The characters in Perceval mirror the short story in many ways, but the man is the focus. I continue to struggle with whether or not he belongs with the woman. I’m beginning to suspect that as much as he wants to be involved with her, she is not the one. He wants to impress her too much, regards her as being way out of his league. But can the romance still serve a purpose in the man’s life (and the story)? It may be fun to explore the experience of two people who care about each other but who are a total mismatch. Since all the books are third person limited POV focused on the man, I suspect fear will play a huge role in how this subplot plays out. Right now, I don’t see them together at the end of the fifth book, but nothing’s written in stone at this point. They could surprise me.

As for Blomkvist and Salander, they are like the couple you see at a party and wonder how on earth they got together, which only makes them and their lives, separate and together, more interesting. He has shown her that men can be respectful, kind, interesting and intelligent human beings. She has shown him that male dominance is not the way to impress a woman, especially a highly intelligent, creative and fearless one. Will he choose to form that emotional attachment with her that will be a commitment to their relationship? Will she let him in? More than anything, he needs to prove to her that she will be safe with him, that he is trustworthy. Maybe that’s all in the third novel, The Girl Who Kicked the Hornet’s Nest….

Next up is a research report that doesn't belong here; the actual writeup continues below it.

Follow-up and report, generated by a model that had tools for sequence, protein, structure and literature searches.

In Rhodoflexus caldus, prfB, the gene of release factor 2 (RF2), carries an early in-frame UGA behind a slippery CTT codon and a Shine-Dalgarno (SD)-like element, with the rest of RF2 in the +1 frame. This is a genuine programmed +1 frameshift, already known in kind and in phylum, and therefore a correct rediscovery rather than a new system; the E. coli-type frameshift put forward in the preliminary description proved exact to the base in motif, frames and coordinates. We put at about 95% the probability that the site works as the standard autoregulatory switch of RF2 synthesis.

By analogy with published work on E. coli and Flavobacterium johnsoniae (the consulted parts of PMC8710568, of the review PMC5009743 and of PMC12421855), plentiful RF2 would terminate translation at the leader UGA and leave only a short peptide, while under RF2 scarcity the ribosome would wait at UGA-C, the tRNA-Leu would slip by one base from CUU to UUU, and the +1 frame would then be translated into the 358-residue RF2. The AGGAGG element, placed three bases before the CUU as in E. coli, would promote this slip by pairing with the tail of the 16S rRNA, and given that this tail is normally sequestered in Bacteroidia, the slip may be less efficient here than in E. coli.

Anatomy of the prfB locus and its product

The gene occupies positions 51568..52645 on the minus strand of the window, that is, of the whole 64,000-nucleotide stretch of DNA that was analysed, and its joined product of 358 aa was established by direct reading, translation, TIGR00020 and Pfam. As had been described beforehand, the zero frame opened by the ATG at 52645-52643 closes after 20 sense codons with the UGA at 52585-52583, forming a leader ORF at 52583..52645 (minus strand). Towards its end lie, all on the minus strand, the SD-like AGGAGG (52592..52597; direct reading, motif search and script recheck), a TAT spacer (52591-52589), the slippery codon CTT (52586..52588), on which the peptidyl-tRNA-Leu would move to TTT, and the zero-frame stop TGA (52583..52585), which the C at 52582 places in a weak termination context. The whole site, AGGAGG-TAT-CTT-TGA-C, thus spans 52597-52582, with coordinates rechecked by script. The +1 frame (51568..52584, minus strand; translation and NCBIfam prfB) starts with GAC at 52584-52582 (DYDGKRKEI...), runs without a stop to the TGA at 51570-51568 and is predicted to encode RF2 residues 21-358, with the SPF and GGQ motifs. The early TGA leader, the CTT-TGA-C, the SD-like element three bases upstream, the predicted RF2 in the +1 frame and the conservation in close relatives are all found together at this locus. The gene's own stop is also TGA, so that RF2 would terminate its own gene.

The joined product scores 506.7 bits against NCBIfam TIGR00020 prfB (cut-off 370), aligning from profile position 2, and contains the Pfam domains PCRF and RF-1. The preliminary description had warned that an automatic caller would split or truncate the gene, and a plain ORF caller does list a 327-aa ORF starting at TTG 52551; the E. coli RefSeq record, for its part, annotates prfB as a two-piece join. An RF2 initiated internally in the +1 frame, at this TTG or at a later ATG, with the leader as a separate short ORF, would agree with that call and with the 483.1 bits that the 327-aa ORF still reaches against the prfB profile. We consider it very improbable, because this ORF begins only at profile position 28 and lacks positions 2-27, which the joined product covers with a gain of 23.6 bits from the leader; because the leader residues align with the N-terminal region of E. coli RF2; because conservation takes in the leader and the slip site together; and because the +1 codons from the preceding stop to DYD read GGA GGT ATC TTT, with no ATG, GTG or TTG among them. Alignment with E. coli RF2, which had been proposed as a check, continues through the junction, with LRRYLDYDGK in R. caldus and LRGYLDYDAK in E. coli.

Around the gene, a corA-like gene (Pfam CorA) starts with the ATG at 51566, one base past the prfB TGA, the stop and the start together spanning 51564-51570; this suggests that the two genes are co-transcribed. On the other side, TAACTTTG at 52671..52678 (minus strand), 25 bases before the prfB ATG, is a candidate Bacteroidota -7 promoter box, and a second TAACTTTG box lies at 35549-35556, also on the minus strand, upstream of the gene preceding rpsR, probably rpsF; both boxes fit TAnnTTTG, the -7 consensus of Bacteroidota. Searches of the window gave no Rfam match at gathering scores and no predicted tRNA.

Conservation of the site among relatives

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4 responses to “Coupling Characters

  1. Why do people stay together? Because they choose to. What is perhaps more incomprehensible is when people who seem to be well-suited split. We won’t understand unless we understand their Choice paradigm.

    I choose to love my husband. It isn’t a pre-ordained event. I find it infinitely more satisfying to know that someone has chosen to love me. How am I supposed to revel in the fact that you’re here because you couldn’t get out of it? That’s why I pay taxes; it isn’t why I got married. It sounds sterile or cold-hearted to state that I’m married to someone because every day I make the choice not to leave him. Yet in reality that is what we do, all of us.